Last March, I did something that I had never done before, I went on a cruise by myself. For years, I was reluctant to cruise alone. I had traveled to Walt Disney World and to the Disneyland Resort many times by myself, but for some reason, just couldn’t pull the trigger on booking a cruise and sailing all alone.
I’m so glad I did! I was never bored, and I experienced many things that I may have not done if I were sailing with friends or family. I took a steel drum lesson, I went to the Everglades and saw alligators, and I also participated in a fun game of painting. I had not picked up a paintbrush (except for house painting chores) since I was in high school, WAY back in 1984. You can read about my painting experience here: Princess Cruises — Speed Painting with Watercolors. I had such a fun time! Sometimes, you really do need to take a step out of your comfort zone.
On September 22, 2019 I am cruising with friends and family on the Norwegian Bliss. We’ll be sailing round trip from Seattle to Alaska. It will be the first time I’m cruising with a group. (As you know I am a travel agent)
To thank everyone for booking and sailing with me on this first group cruise, I wanted to make something special for each cabin that is coming along on this adventure. But, what could I make?!? It needed to be somewhat affordable, and it needed to be easy to ship. (my clients are literally sprinkled all over the United States). Because of how much fun I had painting on my Princess Cruise, I decided that I would paint a picture of the Northern Lights (something that we are hoping to see during the cruise) for my co-adventurers. But, I haven’t taken an art class since the early 1980’s. Ummm, can you say last century?!?. And, I wasn’t that good way back then. What was I going to do?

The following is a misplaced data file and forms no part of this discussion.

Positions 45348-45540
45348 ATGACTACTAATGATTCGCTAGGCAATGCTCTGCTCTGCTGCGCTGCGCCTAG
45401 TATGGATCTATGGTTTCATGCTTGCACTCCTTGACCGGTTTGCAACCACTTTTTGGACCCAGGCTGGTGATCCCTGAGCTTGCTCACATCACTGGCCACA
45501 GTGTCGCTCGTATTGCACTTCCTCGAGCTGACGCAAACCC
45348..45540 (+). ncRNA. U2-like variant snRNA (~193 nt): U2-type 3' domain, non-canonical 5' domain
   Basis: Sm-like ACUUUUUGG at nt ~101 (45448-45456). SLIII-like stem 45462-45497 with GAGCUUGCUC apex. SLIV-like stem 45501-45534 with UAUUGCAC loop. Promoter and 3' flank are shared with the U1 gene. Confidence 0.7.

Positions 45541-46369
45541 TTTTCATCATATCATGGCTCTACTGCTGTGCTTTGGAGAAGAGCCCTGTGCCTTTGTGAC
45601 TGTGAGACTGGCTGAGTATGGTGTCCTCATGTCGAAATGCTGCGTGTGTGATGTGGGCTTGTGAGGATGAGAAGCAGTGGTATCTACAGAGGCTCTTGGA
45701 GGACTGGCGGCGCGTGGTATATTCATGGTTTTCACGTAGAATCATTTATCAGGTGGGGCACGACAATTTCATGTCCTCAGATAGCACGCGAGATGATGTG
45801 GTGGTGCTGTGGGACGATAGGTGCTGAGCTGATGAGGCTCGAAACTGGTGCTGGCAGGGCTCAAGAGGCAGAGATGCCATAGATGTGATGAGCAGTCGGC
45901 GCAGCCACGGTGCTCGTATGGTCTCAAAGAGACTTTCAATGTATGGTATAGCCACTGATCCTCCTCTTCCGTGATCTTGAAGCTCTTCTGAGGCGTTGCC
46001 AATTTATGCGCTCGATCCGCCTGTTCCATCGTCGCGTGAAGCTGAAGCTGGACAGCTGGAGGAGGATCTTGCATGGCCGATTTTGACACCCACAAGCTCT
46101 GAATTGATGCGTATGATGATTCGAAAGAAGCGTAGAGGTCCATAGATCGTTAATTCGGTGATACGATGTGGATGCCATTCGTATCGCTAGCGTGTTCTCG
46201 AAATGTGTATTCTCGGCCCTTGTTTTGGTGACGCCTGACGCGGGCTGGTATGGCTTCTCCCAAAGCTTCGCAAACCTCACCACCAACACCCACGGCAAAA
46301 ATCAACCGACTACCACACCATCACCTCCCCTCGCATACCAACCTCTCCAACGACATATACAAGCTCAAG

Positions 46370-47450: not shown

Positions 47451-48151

I went straight to YouTube. I honestly believe that you could learn how to do a thoracic aortic dissection repair if you searched long enough on YouTube.
Oh, look– I literally just typed in thoracic aortic dissection repair in YouTube’s search engine. AMAZING.
That’s just the first page of a search result on thoracic aortic dissection repair. See. Learn heart surgery on YouTube! 😉
So, you don’t know how to make Beef Bourguignon? YouTube knows how.
Ok, you may not learn how to do heart surgery, but I felt like I might could learn how to paint if I applied myself.
After a bit of searching, not only did I find the PERFECT painting, I found someone who could teach me how to paint this beautiful painting. Enter The Art Sherpa, Cinnamon Cooney. What a great first name! After watching more than a few of her videos, I’ve learned her mom’s name is Ginger and she has a daughter named Honey. I just love those names. Be careful, though if you watch her videos. You WILL BE COMPELLED to go to Michael’s and purchase paint. Honestly, I’ve watched a lot of her videos, I listen/watch while I work. She makes what looks complicated very simple. She has inspired me to paint more than just this one project.
Is there anything scarier than a blank canvas?
Maybe 24 blank canvases.